The Accident Compensation Corporation is being criticised for recommending a reduction in levies at the expense of chronically injured people.
ACC is recommending a 17% cut in the average work levy paid by employers and a 15% cut in the earners' levy, along with a reduction in the motor vehicle levy of at least 5% for all car owners.
ACC says it is committed to making sure its clients get their due and it is working hard to reduce the number of disputes it has with clients.
But ACC Futures lobby spokesperson Hazel Armstrong says the levy cuts are only possible due to the hard line ACC has taken on keeping compensation payments to an absolute minimum.
Sandor Fulop has been fighting to get compensation from ACC for four years, and says it's unfair the corporation is prepared to cut levies for some while refusing to pay entitlements to others.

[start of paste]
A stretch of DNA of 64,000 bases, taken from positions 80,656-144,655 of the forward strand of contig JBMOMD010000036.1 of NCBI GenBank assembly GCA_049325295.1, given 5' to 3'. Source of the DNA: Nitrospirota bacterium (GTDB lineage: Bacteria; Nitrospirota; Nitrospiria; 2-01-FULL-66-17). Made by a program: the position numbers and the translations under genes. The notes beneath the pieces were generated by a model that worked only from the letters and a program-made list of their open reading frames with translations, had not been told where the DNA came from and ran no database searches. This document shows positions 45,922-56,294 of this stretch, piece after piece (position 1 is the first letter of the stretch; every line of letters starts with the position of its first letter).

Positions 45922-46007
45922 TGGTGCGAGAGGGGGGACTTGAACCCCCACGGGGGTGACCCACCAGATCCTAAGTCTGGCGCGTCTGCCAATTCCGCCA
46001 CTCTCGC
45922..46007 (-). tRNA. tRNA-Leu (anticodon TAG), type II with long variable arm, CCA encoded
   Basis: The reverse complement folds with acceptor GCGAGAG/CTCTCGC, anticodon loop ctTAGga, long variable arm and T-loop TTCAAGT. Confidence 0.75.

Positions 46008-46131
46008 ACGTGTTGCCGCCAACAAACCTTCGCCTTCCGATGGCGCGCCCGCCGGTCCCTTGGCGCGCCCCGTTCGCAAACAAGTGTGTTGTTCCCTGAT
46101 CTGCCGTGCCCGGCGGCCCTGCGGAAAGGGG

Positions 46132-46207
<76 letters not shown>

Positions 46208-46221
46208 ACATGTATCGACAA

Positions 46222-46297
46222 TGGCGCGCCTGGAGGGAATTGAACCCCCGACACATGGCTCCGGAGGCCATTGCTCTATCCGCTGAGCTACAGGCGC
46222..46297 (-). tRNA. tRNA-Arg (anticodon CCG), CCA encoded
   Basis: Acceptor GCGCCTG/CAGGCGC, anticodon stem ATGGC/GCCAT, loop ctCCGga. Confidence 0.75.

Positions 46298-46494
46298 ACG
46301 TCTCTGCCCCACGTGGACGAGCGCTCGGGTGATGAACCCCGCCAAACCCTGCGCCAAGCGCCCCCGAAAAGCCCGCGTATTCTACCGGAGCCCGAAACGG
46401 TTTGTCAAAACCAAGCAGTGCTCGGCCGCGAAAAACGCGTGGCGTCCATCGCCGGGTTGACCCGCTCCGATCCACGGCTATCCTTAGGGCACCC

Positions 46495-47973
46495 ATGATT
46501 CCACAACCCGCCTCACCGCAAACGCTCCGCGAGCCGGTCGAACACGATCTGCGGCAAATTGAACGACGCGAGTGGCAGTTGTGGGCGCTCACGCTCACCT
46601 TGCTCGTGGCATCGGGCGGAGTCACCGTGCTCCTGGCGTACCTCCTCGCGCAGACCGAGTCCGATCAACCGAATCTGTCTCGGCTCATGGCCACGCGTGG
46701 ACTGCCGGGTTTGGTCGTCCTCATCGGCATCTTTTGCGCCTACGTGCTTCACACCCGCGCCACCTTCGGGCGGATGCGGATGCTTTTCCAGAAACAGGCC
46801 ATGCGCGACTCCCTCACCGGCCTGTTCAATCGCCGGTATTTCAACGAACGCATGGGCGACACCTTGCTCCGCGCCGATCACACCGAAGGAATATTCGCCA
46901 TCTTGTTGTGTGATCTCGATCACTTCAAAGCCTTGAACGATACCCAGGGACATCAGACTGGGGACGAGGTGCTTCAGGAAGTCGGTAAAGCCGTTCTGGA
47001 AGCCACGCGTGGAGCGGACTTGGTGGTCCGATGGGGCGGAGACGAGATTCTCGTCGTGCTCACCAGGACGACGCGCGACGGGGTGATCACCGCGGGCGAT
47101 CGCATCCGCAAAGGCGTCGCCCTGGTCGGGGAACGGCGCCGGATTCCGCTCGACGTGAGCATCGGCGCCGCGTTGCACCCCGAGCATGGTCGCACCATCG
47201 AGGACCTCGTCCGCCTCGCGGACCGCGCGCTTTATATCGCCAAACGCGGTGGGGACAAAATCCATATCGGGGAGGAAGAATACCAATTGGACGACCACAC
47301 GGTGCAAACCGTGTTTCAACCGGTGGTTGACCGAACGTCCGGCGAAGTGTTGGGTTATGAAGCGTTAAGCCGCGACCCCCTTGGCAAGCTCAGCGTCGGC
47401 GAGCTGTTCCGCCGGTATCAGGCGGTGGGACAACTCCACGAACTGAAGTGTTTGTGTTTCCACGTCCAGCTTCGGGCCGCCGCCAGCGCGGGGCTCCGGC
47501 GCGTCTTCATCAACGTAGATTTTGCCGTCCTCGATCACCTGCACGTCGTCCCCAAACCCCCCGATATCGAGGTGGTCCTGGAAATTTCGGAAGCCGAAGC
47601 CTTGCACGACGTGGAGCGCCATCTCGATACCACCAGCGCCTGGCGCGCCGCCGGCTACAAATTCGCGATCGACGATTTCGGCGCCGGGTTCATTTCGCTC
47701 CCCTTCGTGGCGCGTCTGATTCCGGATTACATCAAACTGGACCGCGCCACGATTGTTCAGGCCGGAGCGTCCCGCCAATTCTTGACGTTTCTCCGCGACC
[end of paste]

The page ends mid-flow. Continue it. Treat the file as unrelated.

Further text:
Mr Fulop worked as a spray painter until the year 2000 when he was exposed to a toxic chemical called isocyanate.
He had to quit his job because if he is exposed to the chemical again it could kill him, but he says the ACC wanted him to go back to working as a spray painter.
A specialist in litigation over such cases, John Miller, says his firm has about 2000 clients in similar situations.
Mr Miller says his firm wins about three quarters of the cases it takes against the ACC, which he says suggests the corporation is routinely not paying compensation when it should.
The Labour Party says that the timing of levy cuts for next year is a cynical election-year bribe.
Labour ACC spokesperson Iain Lees-Galloway says ACC charges have been unacceptably high since National created a phony crisis and imposed enormous hikes in levies.
Corporation chairperson Paula Rebstock says the proposed levy cuts are possible because of ACC's improved financial situation, which means the scheme was on track to being fully funded by 2019.
The corporation is also proposing risk-ratings for vehicles, so people with cars which better-protect occupants would pay even less.